Digital Libraries and Scholarly Communication: A Perspective

Digital Libraries and Scholarly Communication: A Perspective

S. C. Jindal (University of Delhi, India)
DOI: 10.4018/978-1-61520-767-1.ch002
OnDemand PDF Download:
$30.00
List Price: $37.50

Abstract

The chapter examines various components of scholarly communication in the context of digital technologies as being applied in libraries. It highlights the role of digital environment in research and its impact. Chapter provides both a historical and contemporary perspective of digital library movement and discusses issue s like sustainability and preservation. It argues that Research libraries have begun to take on the provision, organization and preservation of digital information with the same long-term commitment they have made for print materials
Chapter Preview
Top

Introduction

The term “digital library” is simply the most recent in a long series of names for a concept that was written about long before the development of the first computer. The idea of a“computerized library” that would supplement, add functionality, and even replace traditional libraries was invented first by H.G. Wells and other authors, who caught the imagination of millions with speculative writing about “world brain” and similar fanciful devices.

There is general agreement that much of the early actual application of computers to information retrieval was stimulated by the prominent scientist Vannever Bush who wrote about the “memex”, a mechanical device based on microfilm technology that anticipated the ideas of both hypertext and personal information retrieval systems. The first real world application of computers to libraries began in the early 1950s with IBM and punched card applications to library technical services operations, and with the development of the MARC (machine readable cataloging) standard for digitizing and communicating library catalog information. In 1965 J.C. R. Licklider coined the phrase “library of the future” to refer to his vision of a fully computer based library, and ten year later F.W. Lancaster (Lancaster, 1978) wrote of the soon-to-come paperless library. About the same time Ted Nelson invented and named hypertext and identified later in this paper in some detail, but never built to refer to the concept of a digitized library, including electronic library, virtual library, library without walls, bionic library and others.

The relatively recent use of the term digital library can be traced to the Digital Libraries Initiative funded by the National Science Foundation the Advanced Research Projects Agency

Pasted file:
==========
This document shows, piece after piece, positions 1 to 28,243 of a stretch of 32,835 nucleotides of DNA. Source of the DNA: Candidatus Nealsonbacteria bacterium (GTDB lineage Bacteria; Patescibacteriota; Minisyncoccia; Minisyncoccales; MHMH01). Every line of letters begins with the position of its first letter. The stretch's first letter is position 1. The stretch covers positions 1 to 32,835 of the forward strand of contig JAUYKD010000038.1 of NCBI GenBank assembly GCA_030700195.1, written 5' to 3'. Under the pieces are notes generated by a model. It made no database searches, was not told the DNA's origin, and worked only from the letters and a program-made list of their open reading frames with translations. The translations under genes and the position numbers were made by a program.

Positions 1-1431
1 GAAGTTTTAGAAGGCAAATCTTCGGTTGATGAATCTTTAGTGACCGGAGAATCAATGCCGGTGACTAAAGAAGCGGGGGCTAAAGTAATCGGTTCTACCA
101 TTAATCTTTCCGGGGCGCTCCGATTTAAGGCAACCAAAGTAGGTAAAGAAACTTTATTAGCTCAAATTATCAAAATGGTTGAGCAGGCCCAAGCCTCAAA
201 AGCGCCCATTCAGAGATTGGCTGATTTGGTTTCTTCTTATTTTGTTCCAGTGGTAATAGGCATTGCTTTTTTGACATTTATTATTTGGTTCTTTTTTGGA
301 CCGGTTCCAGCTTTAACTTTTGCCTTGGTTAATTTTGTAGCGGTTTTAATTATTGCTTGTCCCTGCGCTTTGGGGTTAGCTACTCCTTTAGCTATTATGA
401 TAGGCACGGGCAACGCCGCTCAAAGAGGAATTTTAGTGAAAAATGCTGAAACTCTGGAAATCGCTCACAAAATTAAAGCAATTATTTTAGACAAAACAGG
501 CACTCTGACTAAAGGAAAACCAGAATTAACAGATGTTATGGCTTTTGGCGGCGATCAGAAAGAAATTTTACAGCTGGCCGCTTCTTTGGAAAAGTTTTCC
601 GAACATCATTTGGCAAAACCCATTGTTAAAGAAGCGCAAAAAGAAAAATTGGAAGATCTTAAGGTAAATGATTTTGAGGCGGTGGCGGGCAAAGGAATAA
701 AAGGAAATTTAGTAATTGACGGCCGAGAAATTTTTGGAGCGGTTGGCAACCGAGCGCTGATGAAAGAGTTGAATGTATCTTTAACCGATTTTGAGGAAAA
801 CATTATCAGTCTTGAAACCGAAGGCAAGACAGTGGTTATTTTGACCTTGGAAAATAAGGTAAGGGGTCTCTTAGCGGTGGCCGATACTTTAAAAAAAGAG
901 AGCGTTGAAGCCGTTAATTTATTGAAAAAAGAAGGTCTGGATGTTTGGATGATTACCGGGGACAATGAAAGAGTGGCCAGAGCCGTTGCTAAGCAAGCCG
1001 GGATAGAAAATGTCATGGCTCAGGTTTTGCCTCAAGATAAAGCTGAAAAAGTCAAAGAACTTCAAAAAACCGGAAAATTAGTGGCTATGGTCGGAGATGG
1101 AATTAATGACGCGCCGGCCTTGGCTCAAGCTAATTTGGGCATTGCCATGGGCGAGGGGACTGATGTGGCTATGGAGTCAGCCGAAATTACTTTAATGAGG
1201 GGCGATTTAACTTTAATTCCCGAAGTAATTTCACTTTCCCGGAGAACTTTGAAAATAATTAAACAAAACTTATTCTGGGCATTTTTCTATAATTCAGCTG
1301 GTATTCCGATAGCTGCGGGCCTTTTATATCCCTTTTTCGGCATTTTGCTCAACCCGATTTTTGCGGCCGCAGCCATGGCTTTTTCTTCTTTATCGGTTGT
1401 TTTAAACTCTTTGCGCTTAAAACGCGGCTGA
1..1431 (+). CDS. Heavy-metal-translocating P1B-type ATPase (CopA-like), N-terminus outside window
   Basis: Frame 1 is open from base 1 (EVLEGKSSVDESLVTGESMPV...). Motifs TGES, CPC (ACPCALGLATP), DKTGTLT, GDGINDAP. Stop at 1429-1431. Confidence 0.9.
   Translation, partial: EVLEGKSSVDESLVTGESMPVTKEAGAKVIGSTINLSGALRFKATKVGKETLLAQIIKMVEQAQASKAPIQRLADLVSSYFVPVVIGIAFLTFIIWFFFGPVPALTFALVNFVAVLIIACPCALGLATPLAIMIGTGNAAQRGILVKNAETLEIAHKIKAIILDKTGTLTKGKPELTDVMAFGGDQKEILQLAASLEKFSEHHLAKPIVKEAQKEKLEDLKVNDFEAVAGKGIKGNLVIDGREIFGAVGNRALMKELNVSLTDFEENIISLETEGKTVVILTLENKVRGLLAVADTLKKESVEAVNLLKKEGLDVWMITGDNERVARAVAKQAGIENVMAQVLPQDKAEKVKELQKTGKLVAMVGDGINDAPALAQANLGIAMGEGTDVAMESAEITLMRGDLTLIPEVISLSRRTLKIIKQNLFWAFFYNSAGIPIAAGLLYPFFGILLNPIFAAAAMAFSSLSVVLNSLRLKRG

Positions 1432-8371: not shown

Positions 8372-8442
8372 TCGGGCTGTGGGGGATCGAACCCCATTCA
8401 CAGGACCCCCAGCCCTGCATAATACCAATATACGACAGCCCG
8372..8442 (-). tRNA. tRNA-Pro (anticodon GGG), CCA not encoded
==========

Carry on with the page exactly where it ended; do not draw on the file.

There are many definitions, fringing from the electronic catalog that describes physical items in a “brick and mortar” library to advanced multimedia environments housing all-digital collections. H. Thomas Hickerson, Cornell University’s associate University Librarian for Information Technologies & Special Collections, believes it is time to erase the line between physical and digital libraries. “A major portion of library activities are technology-supported and have been for years. The internet has had an incredible impact, but libraries have a history of managing large systems and using technology to deliver bibliographic information,” says Hickerson (Personal Correspondence).

Sun Microsystems (http://www.sun.com) defines a digital library as the electronic extension of functions users typically perform and the resources they access in a traditional library. These information resources can be translated into digital form, stored in multimedia repositories, and made available through Web-based services. The emergence of the digital library mirrors the growth of e-learning (or distance learning) as the virtual alternative to traditional school attendance.

Digital libraries began to appear on the campus in the early 1990’s as research and development projects centered within computer science departments, sometimes funded by government grants. Campus librarians were often uninvolved in these early projects, which focused on digitization technology, metadata schemes, data management techniques, and digital preservation. Digital library use shifted to large and diverse campus audience, and information technology (IT) groups began to partner with the library to develop campus-wide standards for the deployment and operation of digital libraries as an integral part of the education enterprise. This development paralleled the development of heightened student requirements for access to library resources.(Headstrom, 2004) With the advent of the Internet, individuals’ expectations for access to information have increased dramatically. Patrons increasingly expect instant access to all the information resources they require, from any location, at any time, and from any device. This is the objective that the digital library is fulfilling. With digital libraries, and individual can:

  • Gain access to the holdings of libraries worldwide through automated catalogs.

  • Locate both physical and digitized versions of scholarly articles and books.

  • Optimize searches, simultaneously search the Internet, commercial databases, and library collections.

  • Save search results and conduct additional processing to narrow or qualify results.

  • From search results, click through to access the digitized content or locate additional items of interest.

Complete Chapter List

Search this Book:
Reset